RivertoReefs2010

A Watershed Study

What is a Watershed?

A Reflection about Watersheds
Peggy Wiggins

Everyone lives in a watershed. It is a geographic area that drains into a larger water body, such as a stream, river, estuary, lake or ocean. Coastal and ocean resources are affected by activities in coastal areas and also by those in upland water shed. There are 14 major river basins in Georgia, Every body of water has a drainage basin and a system that is part of a watershed. Its boundaries are marked by the ridges which are the highest points of land around the water body. Watersheds can include forests, parks, lakes, cities, homes, and farms. They cross country, state, and international borders and can be as large as the Chattahoochee River or as small as the stream’s watershed in your own back yard. It doesn’t matter how far you live from a stream, river or lake, you live in a watershed and you can affect water quality.

When it rains, the water hits the ridge and runs one direction into one drainage basin, or it  can flow into another drainage if the flow leaves the ridge on the other side. Find your watershed at http://www.epa.gov/surf

Ten things you can do to help protect our streams, oceans and reefs.

1. Put trash, especially non-biodegradable plastics, in recycle cans.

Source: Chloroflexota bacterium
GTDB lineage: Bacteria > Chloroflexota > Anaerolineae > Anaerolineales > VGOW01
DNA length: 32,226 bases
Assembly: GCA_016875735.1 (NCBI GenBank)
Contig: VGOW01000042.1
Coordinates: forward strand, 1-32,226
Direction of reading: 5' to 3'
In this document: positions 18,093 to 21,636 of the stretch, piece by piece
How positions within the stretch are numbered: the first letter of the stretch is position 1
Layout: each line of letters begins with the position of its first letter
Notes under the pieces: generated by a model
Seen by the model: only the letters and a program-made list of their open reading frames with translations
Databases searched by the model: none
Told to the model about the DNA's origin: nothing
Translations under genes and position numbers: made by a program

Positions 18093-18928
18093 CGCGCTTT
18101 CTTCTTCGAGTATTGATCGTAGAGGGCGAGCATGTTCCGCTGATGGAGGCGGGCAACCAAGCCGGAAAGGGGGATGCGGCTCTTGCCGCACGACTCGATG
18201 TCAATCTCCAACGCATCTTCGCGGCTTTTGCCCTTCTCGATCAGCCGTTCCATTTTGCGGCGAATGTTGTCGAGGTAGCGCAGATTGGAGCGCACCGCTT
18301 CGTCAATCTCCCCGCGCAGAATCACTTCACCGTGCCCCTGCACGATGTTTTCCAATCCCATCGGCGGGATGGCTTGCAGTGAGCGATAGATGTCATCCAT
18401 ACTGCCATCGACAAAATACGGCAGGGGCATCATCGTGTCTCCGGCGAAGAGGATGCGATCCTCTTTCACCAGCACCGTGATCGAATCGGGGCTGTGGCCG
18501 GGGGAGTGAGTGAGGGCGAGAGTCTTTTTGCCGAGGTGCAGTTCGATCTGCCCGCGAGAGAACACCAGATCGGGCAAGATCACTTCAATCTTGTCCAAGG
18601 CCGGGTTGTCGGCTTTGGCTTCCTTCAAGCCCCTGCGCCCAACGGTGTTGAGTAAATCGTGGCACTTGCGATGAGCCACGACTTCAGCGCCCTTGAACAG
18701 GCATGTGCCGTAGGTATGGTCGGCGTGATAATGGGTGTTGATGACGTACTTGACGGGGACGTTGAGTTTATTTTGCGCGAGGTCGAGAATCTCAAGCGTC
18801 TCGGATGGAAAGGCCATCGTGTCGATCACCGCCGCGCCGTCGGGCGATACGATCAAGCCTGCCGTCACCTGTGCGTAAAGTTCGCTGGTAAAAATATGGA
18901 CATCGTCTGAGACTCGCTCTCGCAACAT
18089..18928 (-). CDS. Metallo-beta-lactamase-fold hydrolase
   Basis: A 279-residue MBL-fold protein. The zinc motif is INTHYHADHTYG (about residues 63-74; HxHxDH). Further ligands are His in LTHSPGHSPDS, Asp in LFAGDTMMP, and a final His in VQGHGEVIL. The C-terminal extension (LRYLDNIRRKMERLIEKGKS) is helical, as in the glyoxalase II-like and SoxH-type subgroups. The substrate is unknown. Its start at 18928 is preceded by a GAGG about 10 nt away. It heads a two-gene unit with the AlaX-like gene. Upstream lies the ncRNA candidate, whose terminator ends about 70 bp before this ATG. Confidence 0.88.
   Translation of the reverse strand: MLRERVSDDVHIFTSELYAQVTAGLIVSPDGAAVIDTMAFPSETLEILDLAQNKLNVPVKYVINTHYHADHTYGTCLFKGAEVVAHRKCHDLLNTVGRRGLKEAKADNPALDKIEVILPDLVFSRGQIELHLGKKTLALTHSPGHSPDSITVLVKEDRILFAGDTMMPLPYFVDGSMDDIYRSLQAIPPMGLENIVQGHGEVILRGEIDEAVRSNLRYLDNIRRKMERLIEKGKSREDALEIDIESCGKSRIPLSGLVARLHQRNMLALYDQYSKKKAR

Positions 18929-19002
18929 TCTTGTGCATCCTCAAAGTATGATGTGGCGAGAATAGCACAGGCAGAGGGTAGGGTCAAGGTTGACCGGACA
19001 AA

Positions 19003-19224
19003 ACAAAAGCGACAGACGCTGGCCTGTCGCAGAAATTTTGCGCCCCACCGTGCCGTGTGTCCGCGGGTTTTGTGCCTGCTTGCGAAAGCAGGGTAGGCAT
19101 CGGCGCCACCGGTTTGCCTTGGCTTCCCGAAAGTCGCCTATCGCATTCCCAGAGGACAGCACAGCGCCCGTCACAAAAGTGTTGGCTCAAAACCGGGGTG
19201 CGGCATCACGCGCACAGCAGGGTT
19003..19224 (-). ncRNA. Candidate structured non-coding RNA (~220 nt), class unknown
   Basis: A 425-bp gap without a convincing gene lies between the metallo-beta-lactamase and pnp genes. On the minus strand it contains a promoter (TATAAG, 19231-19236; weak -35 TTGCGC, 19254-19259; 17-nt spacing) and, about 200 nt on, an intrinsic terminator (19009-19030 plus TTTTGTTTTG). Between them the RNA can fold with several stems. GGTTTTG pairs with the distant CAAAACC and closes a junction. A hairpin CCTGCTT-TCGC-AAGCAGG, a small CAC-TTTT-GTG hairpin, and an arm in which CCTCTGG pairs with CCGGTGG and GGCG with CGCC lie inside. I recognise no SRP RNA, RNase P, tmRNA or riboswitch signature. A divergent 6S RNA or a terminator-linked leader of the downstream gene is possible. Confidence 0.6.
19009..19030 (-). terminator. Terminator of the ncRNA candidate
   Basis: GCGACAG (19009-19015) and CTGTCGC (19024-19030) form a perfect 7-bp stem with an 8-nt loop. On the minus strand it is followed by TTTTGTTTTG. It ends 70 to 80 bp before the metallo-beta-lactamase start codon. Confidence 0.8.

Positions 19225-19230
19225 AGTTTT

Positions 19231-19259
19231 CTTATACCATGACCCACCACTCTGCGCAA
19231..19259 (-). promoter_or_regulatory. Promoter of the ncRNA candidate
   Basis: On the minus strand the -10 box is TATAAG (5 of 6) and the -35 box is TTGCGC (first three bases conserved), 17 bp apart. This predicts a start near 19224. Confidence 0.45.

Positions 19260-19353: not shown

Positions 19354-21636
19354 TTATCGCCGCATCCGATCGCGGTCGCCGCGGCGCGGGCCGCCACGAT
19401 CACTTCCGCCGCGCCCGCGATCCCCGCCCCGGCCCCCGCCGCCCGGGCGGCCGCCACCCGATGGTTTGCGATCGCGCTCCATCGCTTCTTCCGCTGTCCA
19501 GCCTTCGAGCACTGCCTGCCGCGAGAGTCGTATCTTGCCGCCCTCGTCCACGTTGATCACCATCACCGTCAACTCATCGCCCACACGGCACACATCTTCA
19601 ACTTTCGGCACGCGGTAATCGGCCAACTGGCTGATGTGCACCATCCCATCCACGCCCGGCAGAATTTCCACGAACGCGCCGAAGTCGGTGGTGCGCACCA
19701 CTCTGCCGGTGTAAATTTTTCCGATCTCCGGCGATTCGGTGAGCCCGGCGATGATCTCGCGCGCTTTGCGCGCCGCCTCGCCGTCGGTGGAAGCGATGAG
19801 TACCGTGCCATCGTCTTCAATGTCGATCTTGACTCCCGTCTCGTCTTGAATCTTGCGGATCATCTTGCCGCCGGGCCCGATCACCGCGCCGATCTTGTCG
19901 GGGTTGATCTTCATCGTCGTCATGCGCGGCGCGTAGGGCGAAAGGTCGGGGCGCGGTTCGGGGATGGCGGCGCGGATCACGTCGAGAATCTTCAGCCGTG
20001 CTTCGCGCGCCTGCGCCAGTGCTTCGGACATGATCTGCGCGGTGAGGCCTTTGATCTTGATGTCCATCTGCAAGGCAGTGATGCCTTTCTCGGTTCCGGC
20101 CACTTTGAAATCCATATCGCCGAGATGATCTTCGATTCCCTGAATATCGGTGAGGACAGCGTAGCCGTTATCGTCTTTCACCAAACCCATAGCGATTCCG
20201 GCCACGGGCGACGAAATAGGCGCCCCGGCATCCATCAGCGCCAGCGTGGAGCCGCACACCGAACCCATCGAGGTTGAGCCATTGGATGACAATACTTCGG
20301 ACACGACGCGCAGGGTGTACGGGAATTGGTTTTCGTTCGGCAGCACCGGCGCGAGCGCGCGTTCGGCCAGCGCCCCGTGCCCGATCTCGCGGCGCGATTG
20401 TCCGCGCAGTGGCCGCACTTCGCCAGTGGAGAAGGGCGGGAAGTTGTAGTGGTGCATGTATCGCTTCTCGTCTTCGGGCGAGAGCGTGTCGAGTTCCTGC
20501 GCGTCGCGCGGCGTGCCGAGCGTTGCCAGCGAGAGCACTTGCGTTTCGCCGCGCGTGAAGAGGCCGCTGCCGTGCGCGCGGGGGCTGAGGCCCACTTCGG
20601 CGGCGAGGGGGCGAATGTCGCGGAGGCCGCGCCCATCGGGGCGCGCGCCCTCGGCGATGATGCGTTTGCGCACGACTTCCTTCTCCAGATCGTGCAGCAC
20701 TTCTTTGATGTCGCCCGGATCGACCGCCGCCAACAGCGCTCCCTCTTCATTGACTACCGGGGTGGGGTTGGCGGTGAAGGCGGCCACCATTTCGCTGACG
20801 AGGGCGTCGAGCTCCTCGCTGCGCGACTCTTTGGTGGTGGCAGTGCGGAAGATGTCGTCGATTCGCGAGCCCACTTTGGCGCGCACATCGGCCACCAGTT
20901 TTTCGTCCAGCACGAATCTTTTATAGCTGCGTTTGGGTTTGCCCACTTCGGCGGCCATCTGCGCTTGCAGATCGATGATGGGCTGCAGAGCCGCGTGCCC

2. Puncture inflated balloons after use and dispose of properly.

3. Use water sparingly when watering your lawn, washing your car, and house hold cleaning.

4. Stop using non-biodegradable chemicals in your home.

5. Find natural products for pesticides and fertilizers for your lawn.

6. Reduce car pollution by using carpools, using fuel-efficient vehicles,recycling motor oil and keeping

your cars and vehicles in good working order.

7. Use native plants to reduce the amount of water needed for home and business landscaping purposes and

plant trees to offset the amount of carbon dioxide for which you are personally responsible.

8. Turn off lights and appliances including the television when you are not in the room or at home.

9. Set your thermostat at 80 degrees F or higher in the summer, and 68 degrees or lower in the winter.

10. Inspect your house for air leaks; use shades, curtains or insulated windows/doors to reduce heat transfer

references:
http://www.oceancommission.gov/documents/prelimreport/chapter09.pdf
http://mpa.gov/nationalsystem/nationalsystemlist
The Urban Watershed Education Guide

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